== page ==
We hiked up the long trail to Fagan’s cross this morning, taking a chance on the rain. Dark clouds hovered mistily over Haleakala, but patches of blue sky emerged over the sea. We walked between two weather worlds, up through the pastures, grateful the cattle were peacefully distant and not commanding the trail as they sometimes do, their dull forceful eyes challenging you to continue.
The path rises steep and straight at first, dividing the grassy lands, then turns gently to the right, to circle and skirt a promontory emerging from the hillside. You can see the cross there, atop the cliff, its simple lines strong against the mountain and sky, formed from giant lava blocks, a massive creation.
When Paul Fagan from Oakland replaced the sugar fields of Hana with cattle lands and created a working ranch, he slowly revived the failing economy of the area, for Hawaiian sugar could no longer compete with other producers around the world. When he died in 1960 his wife erected this cross in his memory. It stands as a witness to faith and family on the side of the volcano, between the sea and the sky.
We drew near the cross as we followed the path around the hill, then approached the sanctuary, an open porch area before the cross where Easter sunrise is celebrated. Torches line on either side of the massive cross, and I tried to imagine their flame lighting the dark of early dawn, the huge cross in the center, my gaze on the distant horizon over the sea where the sun would slowly appear.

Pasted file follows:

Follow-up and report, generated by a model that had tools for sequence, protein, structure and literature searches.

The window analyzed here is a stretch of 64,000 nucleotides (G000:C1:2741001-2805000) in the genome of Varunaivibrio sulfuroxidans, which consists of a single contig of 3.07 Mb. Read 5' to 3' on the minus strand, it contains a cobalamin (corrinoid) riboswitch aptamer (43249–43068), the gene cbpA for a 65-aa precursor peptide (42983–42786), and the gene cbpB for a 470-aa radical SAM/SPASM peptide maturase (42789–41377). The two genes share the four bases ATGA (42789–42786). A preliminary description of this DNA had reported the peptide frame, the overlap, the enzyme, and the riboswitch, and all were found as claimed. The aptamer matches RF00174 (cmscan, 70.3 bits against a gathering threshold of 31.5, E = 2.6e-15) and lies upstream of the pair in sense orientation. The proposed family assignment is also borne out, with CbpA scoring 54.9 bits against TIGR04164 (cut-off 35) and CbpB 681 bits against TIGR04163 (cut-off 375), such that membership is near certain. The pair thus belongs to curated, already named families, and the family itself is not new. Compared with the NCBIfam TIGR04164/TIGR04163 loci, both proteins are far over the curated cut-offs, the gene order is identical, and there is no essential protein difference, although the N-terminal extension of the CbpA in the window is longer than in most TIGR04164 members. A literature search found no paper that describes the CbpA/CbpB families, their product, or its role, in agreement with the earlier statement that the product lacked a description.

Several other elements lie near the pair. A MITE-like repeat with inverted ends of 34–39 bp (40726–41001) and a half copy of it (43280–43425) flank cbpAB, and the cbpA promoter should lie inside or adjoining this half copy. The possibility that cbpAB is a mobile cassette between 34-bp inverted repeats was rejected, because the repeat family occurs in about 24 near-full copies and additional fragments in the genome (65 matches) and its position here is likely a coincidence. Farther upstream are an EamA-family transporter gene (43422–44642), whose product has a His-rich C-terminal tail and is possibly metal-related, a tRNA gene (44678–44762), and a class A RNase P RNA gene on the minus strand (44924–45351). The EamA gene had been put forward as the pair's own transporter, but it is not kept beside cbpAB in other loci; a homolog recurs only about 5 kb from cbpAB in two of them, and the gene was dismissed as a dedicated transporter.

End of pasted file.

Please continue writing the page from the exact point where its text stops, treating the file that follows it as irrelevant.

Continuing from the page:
In my novel Hana-lani, Nani-lei comes here to pray for Hana and her people, her family, her children. When I visit Fagan’s cross, I think of old Nani, her wisdom, her sacrificial life. Soon, I hope, Nani’s voice will be heard by others as well, for her story will hopedully be published this year. As I looked over Hana today, standing next to the thick base, and protected by the broad arm of the cross, I prayed for my family too, and this lovely town spread below me, nestled between land and sea. I prayed for those I knew were struggling with life-changing decisions, that they would bravely choose life in the face of a dying and despairing culture. I prayed for our parched world, that our dry bones would be healed, that our culture of life and freedom would be renewed.
And I thanked God for Mrs. Fagan’s cross, it’s witness.
As we descended the steep hillside through the meadows, the rain began to fall, lightly, blown from the sea by a strong warm wind, pushing the clouds back up the mountain. I knew that, in the end, the cross would not be defeated. God would breathe his life into our death.